Searching for 'African' perspectives in South African media's discourse on Zimbabwe's challenges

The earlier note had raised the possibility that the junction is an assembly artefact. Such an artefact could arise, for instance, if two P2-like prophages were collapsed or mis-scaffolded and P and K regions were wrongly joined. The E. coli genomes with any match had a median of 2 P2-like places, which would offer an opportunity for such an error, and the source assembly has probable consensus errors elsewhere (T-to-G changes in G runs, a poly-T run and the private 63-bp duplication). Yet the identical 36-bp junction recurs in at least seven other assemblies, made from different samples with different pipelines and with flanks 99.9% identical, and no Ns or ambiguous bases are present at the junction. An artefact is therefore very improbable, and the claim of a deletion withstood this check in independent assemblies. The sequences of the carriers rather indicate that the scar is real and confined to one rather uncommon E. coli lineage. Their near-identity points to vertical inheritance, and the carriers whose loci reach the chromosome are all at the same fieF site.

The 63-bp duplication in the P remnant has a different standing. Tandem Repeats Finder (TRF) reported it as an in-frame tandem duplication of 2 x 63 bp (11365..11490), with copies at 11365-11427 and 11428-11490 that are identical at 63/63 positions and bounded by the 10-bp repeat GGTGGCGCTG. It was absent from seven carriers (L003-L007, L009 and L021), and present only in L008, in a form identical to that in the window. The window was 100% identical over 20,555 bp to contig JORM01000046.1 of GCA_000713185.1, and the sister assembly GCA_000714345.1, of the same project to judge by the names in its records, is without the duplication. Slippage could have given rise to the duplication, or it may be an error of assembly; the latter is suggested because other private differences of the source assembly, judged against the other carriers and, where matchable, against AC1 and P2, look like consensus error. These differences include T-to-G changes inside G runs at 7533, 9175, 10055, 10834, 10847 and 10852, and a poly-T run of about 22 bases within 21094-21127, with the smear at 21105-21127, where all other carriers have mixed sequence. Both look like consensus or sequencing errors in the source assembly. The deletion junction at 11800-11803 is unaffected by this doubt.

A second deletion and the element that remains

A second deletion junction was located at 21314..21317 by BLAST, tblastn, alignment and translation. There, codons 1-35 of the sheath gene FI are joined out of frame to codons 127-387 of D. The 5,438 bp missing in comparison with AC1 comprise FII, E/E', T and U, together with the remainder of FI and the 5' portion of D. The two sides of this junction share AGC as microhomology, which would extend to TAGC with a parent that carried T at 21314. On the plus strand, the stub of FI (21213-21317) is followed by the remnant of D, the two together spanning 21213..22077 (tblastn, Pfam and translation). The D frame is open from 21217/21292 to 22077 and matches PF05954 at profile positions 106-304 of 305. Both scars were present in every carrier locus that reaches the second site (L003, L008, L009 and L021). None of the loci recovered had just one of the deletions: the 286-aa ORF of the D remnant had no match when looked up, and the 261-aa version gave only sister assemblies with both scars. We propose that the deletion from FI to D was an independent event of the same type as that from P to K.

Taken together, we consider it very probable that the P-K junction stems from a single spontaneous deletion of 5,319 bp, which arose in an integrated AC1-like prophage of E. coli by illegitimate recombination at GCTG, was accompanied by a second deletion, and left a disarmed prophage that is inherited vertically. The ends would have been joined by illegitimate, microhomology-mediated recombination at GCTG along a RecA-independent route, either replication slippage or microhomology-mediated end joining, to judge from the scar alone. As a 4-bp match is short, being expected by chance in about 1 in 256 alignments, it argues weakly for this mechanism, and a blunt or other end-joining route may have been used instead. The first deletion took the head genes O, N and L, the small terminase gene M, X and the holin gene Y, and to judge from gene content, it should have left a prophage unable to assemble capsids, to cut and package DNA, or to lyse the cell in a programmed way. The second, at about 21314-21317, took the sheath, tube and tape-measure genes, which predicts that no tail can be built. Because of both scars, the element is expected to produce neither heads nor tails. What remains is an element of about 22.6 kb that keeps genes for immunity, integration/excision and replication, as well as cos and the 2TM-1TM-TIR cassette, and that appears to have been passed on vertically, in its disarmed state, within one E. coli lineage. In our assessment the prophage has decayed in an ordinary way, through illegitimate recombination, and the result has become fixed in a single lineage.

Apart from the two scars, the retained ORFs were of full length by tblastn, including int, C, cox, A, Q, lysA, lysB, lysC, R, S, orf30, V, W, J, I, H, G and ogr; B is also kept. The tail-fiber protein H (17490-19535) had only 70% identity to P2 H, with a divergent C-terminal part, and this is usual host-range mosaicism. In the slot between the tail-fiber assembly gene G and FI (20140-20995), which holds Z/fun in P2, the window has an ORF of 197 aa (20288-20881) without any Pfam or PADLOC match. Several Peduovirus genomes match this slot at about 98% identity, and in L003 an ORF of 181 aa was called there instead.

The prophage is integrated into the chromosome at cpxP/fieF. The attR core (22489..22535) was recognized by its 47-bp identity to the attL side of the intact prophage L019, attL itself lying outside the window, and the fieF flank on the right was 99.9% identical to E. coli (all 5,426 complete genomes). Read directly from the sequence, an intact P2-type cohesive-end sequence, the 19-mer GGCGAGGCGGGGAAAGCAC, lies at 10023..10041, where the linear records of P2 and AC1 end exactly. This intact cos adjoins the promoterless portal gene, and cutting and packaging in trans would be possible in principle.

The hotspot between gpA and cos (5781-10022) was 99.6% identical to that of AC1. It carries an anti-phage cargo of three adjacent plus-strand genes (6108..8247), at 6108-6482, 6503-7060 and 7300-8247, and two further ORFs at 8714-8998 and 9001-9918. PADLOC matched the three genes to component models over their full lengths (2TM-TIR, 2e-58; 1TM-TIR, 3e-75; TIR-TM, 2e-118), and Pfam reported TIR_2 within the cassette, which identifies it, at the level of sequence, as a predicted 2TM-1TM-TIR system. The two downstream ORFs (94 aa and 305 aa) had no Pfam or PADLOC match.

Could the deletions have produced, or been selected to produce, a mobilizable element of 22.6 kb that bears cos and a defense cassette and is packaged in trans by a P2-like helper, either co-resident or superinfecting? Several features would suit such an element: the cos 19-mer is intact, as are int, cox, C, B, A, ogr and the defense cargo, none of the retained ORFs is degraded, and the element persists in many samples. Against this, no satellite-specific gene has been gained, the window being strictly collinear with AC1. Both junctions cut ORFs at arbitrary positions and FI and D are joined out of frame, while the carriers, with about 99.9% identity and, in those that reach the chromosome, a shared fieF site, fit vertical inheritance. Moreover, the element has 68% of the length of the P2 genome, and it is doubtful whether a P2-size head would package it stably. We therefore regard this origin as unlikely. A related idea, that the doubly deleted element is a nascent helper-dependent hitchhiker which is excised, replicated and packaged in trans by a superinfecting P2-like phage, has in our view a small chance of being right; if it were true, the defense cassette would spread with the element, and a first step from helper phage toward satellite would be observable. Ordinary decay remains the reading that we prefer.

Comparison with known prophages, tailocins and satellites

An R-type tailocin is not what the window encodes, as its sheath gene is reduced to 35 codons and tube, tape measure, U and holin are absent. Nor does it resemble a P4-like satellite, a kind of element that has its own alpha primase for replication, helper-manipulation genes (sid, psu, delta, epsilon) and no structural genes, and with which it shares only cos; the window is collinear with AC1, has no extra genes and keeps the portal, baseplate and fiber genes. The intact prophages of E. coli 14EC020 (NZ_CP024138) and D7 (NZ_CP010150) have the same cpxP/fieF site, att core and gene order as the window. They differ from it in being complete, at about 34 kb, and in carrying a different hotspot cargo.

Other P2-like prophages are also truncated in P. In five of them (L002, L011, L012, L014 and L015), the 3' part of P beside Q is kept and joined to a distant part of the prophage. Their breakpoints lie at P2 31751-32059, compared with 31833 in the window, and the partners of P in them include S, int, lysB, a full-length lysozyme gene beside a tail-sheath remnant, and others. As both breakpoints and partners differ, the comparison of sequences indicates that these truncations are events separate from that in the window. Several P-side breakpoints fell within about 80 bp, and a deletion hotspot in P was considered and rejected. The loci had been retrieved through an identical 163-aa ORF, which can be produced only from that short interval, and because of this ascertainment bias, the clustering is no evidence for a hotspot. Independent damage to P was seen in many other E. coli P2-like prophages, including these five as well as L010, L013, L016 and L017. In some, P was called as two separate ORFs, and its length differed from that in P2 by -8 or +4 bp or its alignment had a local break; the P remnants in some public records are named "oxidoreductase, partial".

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The year 2000 witnessed an aggressive displacement of white farmers by Zimbabwe’s war veterans in pursuit of an unfulfilled African struggle for land repossession usurped by British colonialists led by Cecil John Rhodes in the 19th century. This turn of events received international media attention. Both in Africa and abroad, the media attacked Zimbabwean President Robert Mugabe and called for Mugabe’s removal from power. Pressure was exerted on the Southern Africa Development Community-appointed mediator, Thabo Mbeki, to drop “quiet diplomacy” and adopt an aggressive and uncompromising approach to Mugabe. African leaders, including Mbeki, saw the media’s attitude as pro-Western and anti-African. This article, utilising Afrocentricity as theoretical framework, examines how the South African newspaper City Press, a self-proclaimed “distinctly African” newspaper, handled the Zimbabwean crisis, with particular reference to the land issue and taking into cognisance traditional African culture’s stance with regards to land ownership.